Sending XHTML as text/html Considered Harmful

Ian Hickson has an published an intruiging paper on the case for avoiding XHTML.

Here it is in a nutshell:

  • Browsers decide how to handle a file based on the MIME type that the server sends with it.
  • HTML Web pages are identified with a MIME type of text/html.
  • Pages written in XHTML that are sent with a MIME type of text/html don’t benefit from any of the features of XHTML.
  • To benefit from the features of XHTML, pages must be sent as application/xhtml+xml.
  • The most popular Web browser (Internet Explorer 6) cannot view pages sent as application/xhtml+xml.

And all this time, I was ignorantly assuming that any well formed HTML page was XHTML. Well, you live and you learn.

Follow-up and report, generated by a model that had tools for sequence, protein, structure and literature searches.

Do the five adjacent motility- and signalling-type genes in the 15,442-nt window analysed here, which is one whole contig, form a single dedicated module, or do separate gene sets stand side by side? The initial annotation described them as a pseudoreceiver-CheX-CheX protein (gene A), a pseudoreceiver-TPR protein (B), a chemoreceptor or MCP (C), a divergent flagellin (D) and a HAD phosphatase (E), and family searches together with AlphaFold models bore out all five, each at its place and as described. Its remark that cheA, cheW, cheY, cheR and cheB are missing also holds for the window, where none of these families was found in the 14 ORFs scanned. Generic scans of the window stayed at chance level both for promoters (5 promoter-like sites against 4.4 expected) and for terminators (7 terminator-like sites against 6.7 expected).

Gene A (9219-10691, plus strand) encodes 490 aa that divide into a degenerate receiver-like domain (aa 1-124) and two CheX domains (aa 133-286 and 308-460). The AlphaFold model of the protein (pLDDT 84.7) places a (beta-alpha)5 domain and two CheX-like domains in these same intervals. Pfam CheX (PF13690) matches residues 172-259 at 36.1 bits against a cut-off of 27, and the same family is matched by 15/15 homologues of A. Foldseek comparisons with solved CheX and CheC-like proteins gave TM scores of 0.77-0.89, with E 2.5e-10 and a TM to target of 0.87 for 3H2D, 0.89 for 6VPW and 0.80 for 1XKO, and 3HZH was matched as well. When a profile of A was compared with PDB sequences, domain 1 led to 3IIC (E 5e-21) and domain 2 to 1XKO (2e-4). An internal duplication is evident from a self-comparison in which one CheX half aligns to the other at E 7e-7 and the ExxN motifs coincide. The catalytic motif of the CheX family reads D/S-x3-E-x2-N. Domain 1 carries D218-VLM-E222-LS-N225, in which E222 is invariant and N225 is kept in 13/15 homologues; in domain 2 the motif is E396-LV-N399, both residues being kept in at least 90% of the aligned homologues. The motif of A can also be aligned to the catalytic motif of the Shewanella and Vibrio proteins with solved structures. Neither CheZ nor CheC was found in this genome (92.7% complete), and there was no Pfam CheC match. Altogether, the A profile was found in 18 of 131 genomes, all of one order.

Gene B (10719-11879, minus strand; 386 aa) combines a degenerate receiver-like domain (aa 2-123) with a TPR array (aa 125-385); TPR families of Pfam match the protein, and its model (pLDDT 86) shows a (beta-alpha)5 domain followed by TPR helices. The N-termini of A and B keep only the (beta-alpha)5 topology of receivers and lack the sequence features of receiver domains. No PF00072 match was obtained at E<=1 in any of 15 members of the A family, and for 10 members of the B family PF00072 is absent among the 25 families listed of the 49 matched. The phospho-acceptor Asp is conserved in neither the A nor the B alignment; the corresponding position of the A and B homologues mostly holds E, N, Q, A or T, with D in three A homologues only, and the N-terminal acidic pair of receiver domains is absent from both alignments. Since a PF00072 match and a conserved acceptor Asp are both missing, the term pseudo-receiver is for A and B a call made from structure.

UPDATE: I forgot to link to Ian Hickson’s paper

Sending XHTML as text/html Considered Harmful

2 thoughts on “Sending XHTML as text/html Considered Harmful

  1. I’m "delurking" to leave a comment, but I think browsers handle xhtml vs html by inspecting the doctype element (which should be the first non comment line of a file anyway). If you accept XHTML as a descendant that evolved from HTML, then text/html seems perfectly acceptable.

    What seems to be proposed is like using application/pdf-4 and application/pdf-5 to differentiate between different versions of PDF. I’d be interested in exactly *which* features of XHTML a browser cannot handle when sent a mime type of text/html ?

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